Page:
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GFCIs operate by sensing the currents on the hot and neutral. If they differ by more than 20ma, the GFCI opens -- the point being that if the currents are not the same, then there must be leakage somewhere.
Consider this:
red -----------------******** * * white -----------------* GFCI *------------*************** (neutral) * * * insert 120V * ******** * load of your* * choice here * black -------------------------------------***************
As soon as a load of more than 20ma is applied between the black and the white, the GFCI will trip, because the current in the white wire does not balance the current in the red wire.
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"Yeahbut" applies. For U.S.A. installations, it _ain't_ wired that way. In the case of GFCI outlets, the wiring is:
red -----------------******** (1) * * white ------------+----* GFCI * (neutral) | * * | ******** | +------------------------*************** * insert 120V * * load of your* * choice here * black -------------------------------------***************
(1) is either a 'wrap around' the screw on the GFCI, or a *continuous* strand from the breaker box, towards the 'load of your choice' with a 'pigtailed' section going to the GFCI. Has to be built such that you _cannot_ disconnect the neutral going to 'a different location'.
If the current level on red and white, _at_the_GFCI_ isn't the same, then something that is coming 'in' on the 'red' lead is going 'out' somewhere other than the 'white' lead. And the GFCI triggers.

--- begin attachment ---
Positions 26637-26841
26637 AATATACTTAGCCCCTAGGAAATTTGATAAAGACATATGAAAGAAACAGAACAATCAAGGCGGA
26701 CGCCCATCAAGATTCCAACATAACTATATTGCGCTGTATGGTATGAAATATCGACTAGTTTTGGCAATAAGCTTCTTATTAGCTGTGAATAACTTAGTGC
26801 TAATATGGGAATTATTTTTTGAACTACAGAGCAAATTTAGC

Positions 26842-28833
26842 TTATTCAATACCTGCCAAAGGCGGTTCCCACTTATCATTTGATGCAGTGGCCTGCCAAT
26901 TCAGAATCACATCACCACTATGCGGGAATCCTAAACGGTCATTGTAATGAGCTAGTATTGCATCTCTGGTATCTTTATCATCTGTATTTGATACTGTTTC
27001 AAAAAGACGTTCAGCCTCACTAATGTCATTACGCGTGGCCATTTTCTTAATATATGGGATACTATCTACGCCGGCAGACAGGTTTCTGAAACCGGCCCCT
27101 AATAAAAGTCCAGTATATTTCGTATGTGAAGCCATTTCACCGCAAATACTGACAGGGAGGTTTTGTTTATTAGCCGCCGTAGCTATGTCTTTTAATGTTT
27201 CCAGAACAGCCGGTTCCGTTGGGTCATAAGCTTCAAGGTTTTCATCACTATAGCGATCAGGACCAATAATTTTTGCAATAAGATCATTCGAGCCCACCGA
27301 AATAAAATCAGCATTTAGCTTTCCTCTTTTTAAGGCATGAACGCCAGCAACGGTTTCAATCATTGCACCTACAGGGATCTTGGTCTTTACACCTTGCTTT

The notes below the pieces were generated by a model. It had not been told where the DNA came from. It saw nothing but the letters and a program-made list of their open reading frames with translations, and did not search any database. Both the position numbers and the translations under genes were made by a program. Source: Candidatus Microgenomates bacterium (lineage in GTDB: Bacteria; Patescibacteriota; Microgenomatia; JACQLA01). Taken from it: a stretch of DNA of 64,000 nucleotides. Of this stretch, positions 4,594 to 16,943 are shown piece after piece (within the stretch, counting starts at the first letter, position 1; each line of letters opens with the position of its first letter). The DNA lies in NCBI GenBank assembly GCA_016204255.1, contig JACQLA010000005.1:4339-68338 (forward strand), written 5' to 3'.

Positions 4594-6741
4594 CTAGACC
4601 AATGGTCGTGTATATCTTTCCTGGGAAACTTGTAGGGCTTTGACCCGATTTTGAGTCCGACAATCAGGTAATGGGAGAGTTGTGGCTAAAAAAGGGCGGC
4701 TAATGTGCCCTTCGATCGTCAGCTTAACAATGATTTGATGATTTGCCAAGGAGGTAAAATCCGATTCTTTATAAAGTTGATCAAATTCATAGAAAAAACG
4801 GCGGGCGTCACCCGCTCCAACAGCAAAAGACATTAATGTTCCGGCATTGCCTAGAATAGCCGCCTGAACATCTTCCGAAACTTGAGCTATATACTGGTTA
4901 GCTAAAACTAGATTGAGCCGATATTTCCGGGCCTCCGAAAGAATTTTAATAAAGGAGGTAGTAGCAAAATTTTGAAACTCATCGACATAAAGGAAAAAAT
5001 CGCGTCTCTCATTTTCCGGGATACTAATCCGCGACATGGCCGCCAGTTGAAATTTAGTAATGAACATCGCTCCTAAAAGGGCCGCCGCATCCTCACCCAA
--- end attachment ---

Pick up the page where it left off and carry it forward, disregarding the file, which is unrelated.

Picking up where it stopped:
This is _independent_ of what is happening with the '120V load of your choice'.
What I have in my kitchen is =precisely= the above, where the 'load of your choice' is _another_ GFCI outlet. I run _grossly_ 'unbalanced' loads across the two circuits all the time -- like 1800 watt draw on one circuit and *zero* on the other. Neither of the GFCIs trip.
This wiring was done per a city electrical permit, under the supervision of a licensed electrician with going on *60* years experience, _and_ blessed by the city electrical inspector.
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snipped-for-privacy@host122.r-bonomi.com (Robert Bonomi) wrote:

Not by someone who understands what he's doing, anyway, but it certainly *can* be wired that way. Doesn't mean it's right, of course... and anyone who doesn't understand how GFCIs work, and how current flows in an Edison circuit, is going to be left scratching his head wondering why the GFCI on leg 'A' trips as soon as he flips on a light switch on leg 'B'.
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Gotta add "incapable of reading _and_following_ the directions" to the skill- set. <grin>